Along with an aging population, productivity is rising in many sectors, and the productivity increase is often outstripping the wage (and hence income tax) increases. Many proposals for a robot tax aim at preserving human employment, but they might just as well fund the welfare and retirement system. The German term is Wertschöpfungsabgabe, or value creation tax, a term very similar to VAT.

6
  • 2
    When larger and larger fractions of the population get their main income from govt sources, how will it work any better to tax the people who own robots than to tax the people who make stuff?
    – Dan
    Feb 4 at 18:58
  • 4
    @Dan: I believe a robot tax is misguided, since I'd find it hard to define fairly. It is much easier to tax added value (VAT). Still, I believe VAT is somewhat unfair towards smaller enterprises, due to implementation details like having to pay income tax, and only being able to deduct VAT later, which drive up liquidity needs and compliance costs.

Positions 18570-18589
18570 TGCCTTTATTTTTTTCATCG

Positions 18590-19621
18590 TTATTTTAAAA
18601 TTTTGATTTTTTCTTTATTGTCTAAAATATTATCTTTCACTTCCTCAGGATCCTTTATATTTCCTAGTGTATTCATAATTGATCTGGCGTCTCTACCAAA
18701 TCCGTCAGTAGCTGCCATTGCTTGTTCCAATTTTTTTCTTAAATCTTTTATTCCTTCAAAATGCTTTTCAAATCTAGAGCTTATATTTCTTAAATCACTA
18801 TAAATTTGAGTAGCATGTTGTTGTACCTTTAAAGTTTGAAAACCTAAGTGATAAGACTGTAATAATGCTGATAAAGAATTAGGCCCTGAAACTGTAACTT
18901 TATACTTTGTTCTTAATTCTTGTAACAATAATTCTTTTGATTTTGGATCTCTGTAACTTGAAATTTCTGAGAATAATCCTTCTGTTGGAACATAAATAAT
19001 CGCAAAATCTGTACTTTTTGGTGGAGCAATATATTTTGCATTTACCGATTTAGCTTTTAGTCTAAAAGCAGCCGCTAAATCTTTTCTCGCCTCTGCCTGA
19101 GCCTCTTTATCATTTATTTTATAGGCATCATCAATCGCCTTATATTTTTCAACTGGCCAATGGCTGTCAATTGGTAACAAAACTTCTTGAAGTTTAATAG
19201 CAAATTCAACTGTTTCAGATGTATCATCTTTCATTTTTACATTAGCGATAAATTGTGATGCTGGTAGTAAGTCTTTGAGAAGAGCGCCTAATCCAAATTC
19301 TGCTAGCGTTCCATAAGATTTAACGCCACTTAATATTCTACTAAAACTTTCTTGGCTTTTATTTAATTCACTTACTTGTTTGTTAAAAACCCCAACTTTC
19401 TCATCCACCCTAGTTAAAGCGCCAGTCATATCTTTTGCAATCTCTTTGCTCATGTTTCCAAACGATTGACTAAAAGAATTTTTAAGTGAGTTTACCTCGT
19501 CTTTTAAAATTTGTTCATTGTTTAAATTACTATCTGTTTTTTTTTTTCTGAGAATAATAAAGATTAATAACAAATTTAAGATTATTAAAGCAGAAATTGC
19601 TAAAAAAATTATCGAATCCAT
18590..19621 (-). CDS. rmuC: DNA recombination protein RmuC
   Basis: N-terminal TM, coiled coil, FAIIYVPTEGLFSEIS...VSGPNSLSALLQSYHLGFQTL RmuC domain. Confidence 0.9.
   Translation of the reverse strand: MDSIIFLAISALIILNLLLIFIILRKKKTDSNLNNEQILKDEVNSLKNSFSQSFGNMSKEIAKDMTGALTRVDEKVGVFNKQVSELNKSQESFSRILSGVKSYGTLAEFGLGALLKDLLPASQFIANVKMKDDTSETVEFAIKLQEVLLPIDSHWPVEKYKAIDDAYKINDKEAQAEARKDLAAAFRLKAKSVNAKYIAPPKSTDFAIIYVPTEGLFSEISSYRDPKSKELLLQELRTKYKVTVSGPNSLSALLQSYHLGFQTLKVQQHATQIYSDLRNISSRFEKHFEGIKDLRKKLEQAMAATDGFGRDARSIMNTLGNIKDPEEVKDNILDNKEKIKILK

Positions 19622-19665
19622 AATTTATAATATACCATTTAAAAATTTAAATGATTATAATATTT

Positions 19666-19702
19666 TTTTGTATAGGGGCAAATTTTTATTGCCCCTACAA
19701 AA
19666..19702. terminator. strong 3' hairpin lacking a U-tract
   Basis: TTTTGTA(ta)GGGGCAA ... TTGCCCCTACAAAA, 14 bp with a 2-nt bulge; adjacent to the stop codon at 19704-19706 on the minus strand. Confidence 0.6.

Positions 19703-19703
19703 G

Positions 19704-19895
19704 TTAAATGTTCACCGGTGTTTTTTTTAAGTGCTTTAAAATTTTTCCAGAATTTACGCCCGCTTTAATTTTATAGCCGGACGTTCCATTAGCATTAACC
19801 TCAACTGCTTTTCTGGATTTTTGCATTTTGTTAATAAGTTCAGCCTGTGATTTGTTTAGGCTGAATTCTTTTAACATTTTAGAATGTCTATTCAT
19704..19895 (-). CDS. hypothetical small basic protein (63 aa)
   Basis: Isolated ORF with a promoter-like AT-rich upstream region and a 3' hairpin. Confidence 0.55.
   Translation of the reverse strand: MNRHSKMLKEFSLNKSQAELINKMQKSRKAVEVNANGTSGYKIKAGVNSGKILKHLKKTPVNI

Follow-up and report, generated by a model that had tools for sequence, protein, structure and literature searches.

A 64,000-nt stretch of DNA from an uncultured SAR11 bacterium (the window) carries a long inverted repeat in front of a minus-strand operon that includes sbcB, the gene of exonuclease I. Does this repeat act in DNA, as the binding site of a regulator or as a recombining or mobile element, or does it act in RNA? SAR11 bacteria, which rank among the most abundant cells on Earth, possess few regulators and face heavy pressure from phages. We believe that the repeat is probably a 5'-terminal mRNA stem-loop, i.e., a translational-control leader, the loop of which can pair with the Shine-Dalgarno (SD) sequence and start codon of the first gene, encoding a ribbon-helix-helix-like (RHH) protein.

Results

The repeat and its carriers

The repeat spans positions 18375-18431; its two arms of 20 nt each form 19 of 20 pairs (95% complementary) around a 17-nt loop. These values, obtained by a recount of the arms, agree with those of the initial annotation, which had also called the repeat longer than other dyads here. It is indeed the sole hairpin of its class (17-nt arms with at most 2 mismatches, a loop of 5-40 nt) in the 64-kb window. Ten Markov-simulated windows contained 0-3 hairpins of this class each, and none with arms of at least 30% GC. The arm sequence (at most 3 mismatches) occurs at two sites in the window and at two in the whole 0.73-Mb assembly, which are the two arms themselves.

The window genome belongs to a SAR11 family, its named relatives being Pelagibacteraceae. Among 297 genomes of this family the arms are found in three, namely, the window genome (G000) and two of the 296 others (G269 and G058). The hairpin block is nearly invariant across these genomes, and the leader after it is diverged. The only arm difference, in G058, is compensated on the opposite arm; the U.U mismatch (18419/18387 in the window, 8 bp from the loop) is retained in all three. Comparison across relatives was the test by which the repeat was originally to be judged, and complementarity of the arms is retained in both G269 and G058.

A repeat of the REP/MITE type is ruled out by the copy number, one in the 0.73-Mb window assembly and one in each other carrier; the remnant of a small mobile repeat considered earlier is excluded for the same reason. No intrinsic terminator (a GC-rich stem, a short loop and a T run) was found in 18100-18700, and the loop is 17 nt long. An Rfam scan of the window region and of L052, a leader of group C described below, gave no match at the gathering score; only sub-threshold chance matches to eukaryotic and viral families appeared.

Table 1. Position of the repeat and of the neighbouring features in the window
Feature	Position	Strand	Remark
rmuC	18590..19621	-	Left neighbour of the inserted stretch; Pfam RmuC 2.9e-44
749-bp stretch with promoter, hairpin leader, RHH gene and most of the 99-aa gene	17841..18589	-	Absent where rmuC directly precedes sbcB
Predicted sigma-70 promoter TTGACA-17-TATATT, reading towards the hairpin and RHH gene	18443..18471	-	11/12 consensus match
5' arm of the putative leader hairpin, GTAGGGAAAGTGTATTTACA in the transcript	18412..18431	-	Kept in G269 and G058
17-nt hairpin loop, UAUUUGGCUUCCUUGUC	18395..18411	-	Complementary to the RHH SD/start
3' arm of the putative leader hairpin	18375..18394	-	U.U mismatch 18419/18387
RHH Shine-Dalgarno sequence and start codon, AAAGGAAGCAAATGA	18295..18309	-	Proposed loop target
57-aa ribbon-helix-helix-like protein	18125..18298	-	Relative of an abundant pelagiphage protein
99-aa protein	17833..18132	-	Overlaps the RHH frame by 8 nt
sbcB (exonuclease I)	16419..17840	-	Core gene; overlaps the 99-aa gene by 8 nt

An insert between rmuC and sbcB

– danuker
    Feb 4 at 20:58
  • 10
    @Dan, taxing workers used to be a convenient means of taxing economic activity. If more and more economic activity happens without workers, then that base must change. Note that I'm not necessarily for a robot tax myself, but I recognize it as a possible answer to the problem raised by the OP.
    – o.m.
    Feb 5 at 8:52
  • 1
    @ItalianPhilosophers4Monica, I think you underestimate the "negotiating power" of having a large consumer base.
    – o.m.
    Feb 5 at 8:54
  • 3
    VAT has the big benefit that it's a sales tax, not a production tax. Production taxes favor imports and penalize exports - robots are even easier to move abroad.
    – MSalters
    Feb 7 at 8:21
18